Senior state attorney in sexual harassment case asked to explain absence

Tuesday September 17 2019

Samantha Mwesigye, a Senior State Attorney in

Samantha Mwesigye, a Senior State Attorney in the ministry of Justice named her alleged tormentor as Christopher Gashirabake, a Deputy Solicitor General 


Kampala. The Solicitor General, Mr Francis Atoke, has written to the senior state attorney in the sexual harassment case to explain why she absconded from duty for more than seven months.

In his August 30 notice, Mr Atwoki states that Ms Samantha Mwesigye laid down her tools before the investigations into the case she had lodged against her former supervisor, Mr Christopher Gashirabake, could be completed.
The Solicitor General said her actions were against the Public Service Standing Orders since she did not even notify her immediate supervisor.

“On December 20, 2018, you wrote to me raising concern on how management has been slow in handling your complaint of sexual harassment against your former supervisor. As the procedure of handling your case was being finalised, you laid down tools and stopped reporting for work in contravention of Appendix F-5 (4,3) of the Public Service Standing Orders 2010,” Mr Atoke wrote.
The Solicitor General has since given Ms Mwesigye 14 days to explain herself.
Ms Mwesigye had accused her supervisor, who also doubles as deputy solicitor general, of sexually harassing her for the last 10 years.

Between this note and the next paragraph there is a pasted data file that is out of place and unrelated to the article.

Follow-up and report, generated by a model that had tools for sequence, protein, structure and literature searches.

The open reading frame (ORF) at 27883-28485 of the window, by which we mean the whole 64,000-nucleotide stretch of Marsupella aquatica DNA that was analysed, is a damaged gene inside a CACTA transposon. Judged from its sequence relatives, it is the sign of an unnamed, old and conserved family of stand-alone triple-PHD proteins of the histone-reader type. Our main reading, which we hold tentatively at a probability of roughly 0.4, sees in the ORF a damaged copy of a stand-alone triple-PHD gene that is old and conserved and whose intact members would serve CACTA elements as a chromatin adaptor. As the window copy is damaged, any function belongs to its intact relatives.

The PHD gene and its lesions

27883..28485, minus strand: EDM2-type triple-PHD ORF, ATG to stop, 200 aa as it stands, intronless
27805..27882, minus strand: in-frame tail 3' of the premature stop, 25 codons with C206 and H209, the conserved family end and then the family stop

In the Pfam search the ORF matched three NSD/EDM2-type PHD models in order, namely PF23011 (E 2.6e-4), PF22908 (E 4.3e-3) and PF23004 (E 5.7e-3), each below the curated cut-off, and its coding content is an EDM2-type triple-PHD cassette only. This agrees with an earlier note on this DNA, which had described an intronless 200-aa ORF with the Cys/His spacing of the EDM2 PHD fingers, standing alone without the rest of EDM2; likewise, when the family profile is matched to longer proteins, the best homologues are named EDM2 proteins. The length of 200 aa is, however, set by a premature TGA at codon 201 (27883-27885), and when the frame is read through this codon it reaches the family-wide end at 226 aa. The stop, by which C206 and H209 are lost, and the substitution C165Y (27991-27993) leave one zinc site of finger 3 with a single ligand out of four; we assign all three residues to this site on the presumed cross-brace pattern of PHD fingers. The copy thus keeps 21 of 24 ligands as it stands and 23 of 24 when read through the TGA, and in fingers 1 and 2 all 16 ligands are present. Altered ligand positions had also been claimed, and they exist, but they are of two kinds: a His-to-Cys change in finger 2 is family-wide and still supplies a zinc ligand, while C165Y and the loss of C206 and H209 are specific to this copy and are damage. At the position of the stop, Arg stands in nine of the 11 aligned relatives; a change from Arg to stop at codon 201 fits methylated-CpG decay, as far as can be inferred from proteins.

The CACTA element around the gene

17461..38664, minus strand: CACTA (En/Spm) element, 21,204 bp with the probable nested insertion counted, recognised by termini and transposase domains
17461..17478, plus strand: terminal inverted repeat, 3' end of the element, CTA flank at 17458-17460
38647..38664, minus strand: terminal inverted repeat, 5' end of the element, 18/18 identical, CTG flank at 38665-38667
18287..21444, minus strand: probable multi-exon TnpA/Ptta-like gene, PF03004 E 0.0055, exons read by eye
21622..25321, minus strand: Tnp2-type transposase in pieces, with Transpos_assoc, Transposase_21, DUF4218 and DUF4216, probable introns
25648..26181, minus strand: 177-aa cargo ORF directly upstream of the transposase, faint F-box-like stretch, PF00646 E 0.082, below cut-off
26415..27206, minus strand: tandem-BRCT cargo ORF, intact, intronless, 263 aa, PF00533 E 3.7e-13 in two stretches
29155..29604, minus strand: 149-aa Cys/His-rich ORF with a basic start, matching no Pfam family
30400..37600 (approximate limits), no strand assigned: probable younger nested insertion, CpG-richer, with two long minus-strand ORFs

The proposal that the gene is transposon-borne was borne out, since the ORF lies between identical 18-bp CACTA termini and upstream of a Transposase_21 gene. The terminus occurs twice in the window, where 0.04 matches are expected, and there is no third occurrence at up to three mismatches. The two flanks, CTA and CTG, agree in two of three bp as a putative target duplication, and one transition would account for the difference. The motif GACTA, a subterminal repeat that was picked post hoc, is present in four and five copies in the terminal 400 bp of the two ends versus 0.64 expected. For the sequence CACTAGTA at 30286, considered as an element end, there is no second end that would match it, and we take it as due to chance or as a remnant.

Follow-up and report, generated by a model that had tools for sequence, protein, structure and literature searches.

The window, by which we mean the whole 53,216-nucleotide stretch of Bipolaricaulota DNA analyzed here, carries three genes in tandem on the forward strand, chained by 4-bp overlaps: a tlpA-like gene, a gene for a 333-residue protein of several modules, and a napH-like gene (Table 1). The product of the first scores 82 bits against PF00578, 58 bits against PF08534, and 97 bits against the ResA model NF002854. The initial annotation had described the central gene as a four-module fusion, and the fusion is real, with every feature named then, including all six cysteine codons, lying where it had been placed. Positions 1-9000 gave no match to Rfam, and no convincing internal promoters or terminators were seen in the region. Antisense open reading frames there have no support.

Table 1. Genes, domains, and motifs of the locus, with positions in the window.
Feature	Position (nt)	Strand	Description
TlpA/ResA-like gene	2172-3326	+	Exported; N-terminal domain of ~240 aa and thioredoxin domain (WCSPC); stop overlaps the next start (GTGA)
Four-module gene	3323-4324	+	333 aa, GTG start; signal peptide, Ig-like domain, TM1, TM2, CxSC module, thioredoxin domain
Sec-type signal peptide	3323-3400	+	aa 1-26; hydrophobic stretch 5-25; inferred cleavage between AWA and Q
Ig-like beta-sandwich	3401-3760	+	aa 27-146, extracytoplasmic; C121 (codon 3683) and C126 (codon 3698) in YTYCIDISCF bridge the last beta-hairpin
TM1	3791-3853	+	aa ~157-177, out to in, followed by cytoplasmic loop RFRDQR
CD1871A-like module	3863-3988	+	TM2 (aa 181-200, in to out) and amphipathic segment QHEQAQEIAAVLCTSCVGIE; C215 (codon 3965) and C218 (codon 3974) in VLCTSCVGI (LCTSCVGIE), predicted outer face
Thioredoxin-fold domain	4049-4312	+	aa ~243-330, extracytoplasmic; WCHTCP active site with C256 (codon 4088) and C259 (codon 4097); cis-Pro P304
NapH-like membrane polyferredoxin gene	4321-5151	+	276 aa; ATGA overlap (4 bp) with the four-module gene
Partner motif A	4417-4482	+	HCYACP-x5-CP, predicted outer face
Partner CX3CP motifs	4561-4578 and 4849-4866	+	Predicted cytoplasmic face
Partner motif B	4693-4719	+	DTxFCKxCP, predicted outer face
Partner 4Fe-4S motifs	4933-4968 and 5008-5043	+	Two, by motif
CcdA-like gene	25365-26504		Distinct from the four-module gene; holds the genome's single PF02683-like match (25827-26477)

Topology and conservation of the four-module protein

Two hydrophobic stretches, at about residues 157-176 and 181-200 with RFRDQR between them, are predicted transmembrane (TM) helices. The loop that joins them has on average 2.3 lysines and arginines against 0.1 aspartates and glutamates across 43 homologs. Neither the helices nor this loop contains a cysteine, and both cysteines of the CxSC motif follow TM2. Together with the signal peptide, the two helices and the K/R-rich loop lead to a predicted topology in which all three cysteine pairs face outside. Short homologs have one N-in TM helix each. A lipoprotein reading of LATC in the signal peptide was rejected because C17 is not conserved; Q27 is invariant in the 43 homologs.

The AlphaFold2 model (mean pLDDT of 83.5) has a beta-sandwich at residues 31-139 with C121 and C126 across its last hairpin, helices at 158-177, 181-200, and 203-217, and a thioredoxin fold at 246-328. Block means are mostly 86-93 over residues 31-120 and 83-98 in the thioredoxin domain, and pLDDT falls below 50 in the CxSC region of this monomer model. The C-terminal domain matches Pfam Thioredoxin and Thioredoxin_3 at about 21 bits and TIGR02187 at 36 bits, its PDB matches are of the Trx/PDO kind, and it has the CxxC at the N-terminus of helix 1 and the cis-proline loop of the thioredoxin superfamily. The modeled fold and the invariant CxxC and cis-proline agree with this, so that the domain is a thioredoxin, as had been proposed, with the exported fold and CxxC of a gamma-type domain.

She had accused Mr Gashirabake of denying her travel opportunities and ridiculing her.

However, a four-member committee instituted to investigate these allegations recently cleared Mr Gashirabake of any wrongdoing after Ms Mwesigye allegedly failed to show up in the committee to substantiate her sexual harassment claims.
The ministry has also since deleted Ms Mwesigye’s name from government payroll.

However, in her response to the Solicitor General’s letter, Ms Mwesigye said she was never given an opportunity to resume duty within 30 days before being deemed to have abandoned work.
“Once an industrial action is invoked, it follows as a direct consequence that one is not working and therefore, not in the ordinary course of employment. It is also curious how I was expected to inform my supervisor of my absence from duty...,” Ms Mwesigye stated.

“At the time I invoked my labour right to industrial action due to dilatory conduct of my employer in failing to address my complaint, the respondent (Mr Gashirabake) was still my supervisor. The above has effect of forfeiture of rights and privileges attached to my office and its therefore, curious under which rules I am required to address this request to respond to an allegation of absence from duty without permission,” she added.
Ms Mwesigye also indicated her intention to seek legal redress over the matter.